People may automatically register orthodontics or orthopedic appliances with familiar methods such as braces, expanders or Invisalign®. However, there is a large array of orthopedic appliances that Dr. Gloeckner may choose to treat a patient. The appliance Dr. Gloeckner uses for treatment will depend entirely on the individual’s needs.
While orthopedic appliances all have the similar purpose, which is to help a child’s teeth/jaw develop normally and achieve facial balance, these appliances still have differences that can affect the mouth differently. Fortunately for patients, many of these appliances are nearly invisible and difficult for other people to see. Patients do not need to feel embarrassed or worry that the orthopedic appliance they end up wearing will drastically alter their appearance. Dr. Gloeckner will choose one of the following appliances that best matches the patient’s needs for treatment.
The Herbst appliance, traditionally used to treat sleep apnea, also works with braces and helps to develop the lower jaw in a forward direction. The Herbst appliance consists of two metal bars that are placed between the top and bottom rows of braces to help change the direction of the jaw. The appliance holds the lower jaw forward and promotes growth in the proper direction. It may take a day or two for the child to adjust to wearing the appliance, but once the child adjusts, he or she will notice it less and not feel any soreness.
A quad helix is cemented to the roof of the mouth to widen the arch of the mouth. Dr. Gloeckner will attach the quad helix to the molars with two bands, while also using helix springs to make room for extra teeth. In other cases, the quad helix can also correct the posterior cross-bite, cleft palate thumb sucking habits well after infancy. Patients may need time to adjust to the stainless-steel wire on the roof of their mouth but will be able to feel comfortable after a few days of time to become used to it.
Rapid Palatal Expander
If there is not enough space in the upper jaw to accommodate all of the upper teeth growing in, then a patient will benefit from a rapid palatal expander. A rapid palatal expander is a metal device that attaches to the roof of the mouth and several molars. We adjust the expander by inserting a small key into a piece of the expander that rests at the center of the roof of the mouth. While there are some food restrictions to what a patient can eat when wearing a palatal expander (Not eating gum or other sticky candy), the patient will be able to have more room for the upper teeth and a more comfortable smile in the process.
A crozat is a metal orthopedic appliance that corrects malocclusions in the mouth. A crozat does not simply move the teeth; rather it widens the jaw so that the teeth will grow in properly. The crozat treatment affects the bone and tissue in the mouth, gradually promoting healthy expansion. Patients who worry that the crozat will negatively affect their appearance have nothing to worry about, since the crozat is difficult for others to notice and comfortable to wear.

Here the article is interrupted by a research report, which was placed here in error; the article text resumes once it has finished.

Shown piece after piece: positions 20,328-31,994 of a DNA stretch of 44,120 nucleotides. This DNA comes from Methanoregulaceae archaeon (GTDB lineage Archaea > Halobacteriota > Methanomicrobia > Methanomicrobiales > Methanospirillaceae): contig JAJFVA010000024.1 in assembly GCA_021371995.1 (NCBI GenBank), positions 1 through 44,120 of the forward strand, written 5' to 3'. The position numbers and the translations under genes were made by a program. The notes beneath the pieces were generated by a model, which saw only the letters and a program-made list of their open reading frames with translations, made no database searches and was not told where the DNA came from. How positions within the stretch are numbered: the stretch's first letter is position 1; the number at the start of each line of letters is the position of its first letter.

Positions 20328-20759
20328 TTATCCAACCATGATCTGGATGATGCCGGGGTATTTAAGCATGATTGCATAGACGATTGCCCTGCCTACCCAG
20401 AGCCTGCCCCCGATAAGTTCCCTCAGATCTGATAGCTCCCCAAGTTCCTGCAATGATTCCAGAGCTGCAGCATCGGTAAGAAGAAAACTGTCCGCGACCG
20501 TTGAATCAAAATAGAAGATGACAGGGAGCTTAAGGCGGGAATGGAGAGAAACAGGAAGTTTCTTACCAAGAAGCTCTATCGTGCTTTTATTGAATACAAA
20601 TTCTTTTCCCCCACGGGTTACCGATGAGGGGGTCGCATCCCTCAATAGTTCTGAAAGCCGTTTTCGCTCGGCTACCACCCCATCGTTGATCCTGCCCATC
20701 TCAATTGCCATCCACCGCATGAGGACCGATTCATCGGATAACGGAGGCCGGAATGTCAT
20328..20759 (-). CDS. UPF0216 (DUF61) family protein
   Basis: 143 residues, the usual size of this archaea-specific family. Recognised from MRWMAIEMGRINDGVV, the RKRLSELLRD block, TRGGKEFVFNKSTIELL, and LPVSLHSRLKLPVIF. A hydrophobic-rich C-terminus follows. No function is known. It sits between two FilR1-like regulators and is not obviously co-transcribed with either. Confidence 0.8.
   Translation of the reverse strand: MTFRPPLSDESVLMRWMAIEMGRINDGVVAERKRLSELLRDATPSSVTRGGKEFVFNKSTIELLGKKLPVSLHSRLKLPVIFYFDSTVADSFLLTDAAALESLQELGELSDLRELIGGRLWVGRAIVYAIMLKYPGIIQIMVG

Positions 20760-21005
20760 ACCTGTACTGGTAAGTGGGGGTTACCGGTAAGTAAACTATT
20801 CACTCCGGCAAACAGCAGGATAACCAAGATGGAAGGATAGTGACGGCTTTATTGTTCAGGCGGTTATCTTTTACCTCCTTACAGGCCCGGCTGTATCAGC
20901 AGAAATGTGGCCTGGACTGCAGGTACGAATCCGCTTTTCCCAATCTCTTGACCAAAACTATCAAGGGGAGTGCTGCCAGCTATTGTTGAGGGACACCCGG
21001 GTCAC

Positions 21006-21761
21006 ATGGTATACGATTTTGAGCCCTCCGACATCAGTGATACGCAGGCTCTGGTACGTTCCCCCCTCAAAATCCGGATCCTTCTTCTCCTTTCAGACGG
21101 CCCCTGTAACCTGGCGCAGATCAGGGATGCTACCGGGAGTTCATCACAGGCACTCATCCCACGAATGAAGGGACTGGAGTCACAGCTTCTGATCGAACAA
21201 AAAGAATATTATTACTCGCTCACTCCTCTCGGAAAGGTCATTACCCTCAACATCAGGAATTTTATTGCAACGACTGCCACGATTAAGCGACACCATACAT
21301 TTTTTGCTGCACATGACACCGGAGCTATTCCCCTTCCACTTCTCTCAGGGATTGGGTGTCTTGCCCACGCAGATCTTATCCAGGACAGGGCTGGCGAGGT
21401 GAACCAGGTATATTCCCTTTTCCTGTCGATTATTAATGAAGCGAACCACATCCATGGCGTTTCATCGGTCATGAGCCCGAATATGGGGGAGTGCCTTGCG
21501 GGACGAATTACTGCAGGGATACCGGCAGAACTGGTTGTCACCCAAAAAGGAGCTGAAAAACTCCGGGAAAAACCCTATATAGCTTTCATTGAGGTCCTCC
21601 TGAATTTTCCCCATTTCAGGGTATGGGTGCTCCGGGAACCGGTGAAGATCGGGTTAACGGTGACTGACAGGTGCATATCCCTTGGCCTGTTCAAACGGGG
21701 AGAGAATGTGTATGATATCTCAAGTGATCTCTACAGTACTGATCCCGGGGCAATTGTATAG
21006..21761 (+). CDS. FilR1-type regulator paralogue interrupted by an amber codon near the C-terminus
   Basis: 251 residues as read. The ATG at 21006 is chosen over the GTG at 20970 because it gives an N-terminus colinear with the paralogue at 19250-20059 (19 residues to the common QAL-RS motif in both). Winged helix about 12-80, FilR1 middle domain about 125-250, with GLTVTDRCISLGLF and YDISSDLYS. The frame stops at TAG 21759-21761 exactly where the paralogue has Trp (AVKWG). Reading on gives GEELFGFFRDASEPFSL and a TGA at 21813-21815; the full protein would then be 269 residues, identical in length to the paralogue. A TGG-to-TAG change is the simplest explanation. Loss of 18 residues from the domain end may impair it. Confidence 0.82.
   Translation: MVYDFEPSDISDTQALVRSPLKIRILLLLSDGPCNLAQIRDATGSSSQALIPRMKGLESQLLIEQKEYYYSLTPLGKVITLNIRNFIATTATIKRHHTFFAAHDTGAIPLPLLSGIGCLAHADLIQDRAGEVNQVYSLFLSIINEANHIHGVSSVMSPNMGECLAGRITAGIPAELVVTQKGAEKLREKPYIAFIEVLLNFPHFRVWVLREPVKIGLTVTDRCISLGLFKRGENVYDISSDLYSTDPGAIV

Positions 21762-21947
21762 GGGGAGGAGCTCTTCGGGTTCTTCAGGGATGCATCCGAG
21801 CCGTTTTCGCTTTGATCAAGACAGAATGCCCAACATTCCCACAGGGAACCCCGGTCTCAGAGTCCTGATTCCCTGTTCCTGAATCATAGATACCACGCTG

Upper/Lower Lingual Arches
A lingual arch is a space maintainer that keeps the molars from drifting forward and blocking the space where the permanent teeth will erupt. While many people may assume that the premature loss of baby teeth is not an issue, it can cause serious problems in the growth of a child’s teeth. Lingual arches are the device that many professionals use to treat this issue and also treat children with crowded lower teeth.
Dr Gloeckner has been straightening teeth and correcting bites for 36 years using his unique orthopedic experience.
He calls it developmental Orthodontics. And it’s based on the simple idea that prevention is at a less expensive and easier than repair. Dr. Gloeckner illustrates the idea with case where a child is born with a misshapen leg. Rather than wait until the child is 14 then undertaking Extreme Measures to repair it, modern orthopedists will use braces and therapy to straighten the leg so that when the child is 14, everything is as it should be.
Dr. Gloeckner teaches that it’s the same thing for our jaws and teeth. There are several factors that may adversely affect the growth and alignment of your upper teeth and Jaws in infancy. So that when our adult teeth are developing and coming in there isn’t a proper foundation for them to come in straight. Until now that has meant costly and involved reparation of misaligned teeth which often occurs in adulthood because their main problem, jaw alignment, wasn’t treated properly in the first place.
Dr. Gloeckner identifies things like food allergies, respiratory impairment and inappropriate diet as contributing to improper growth of the jaw and therefore a misaligned teeth in the teen years.
By being able to recognize that the jaw isn’t informing properly and identifying the causes Dr. Gloeckner can Implement some basic Orthopedic Corrections that will help assure that the jaw and mouth are aligned properly, thus providing the proper foundation for a healthy smile and a beautiful smile he also points out that much of today’s plastic surgery nose jobs lip injections chin implants are merely correcting the long-term effects of misapplied Orthodontics or Misaligned teeth that were never treated.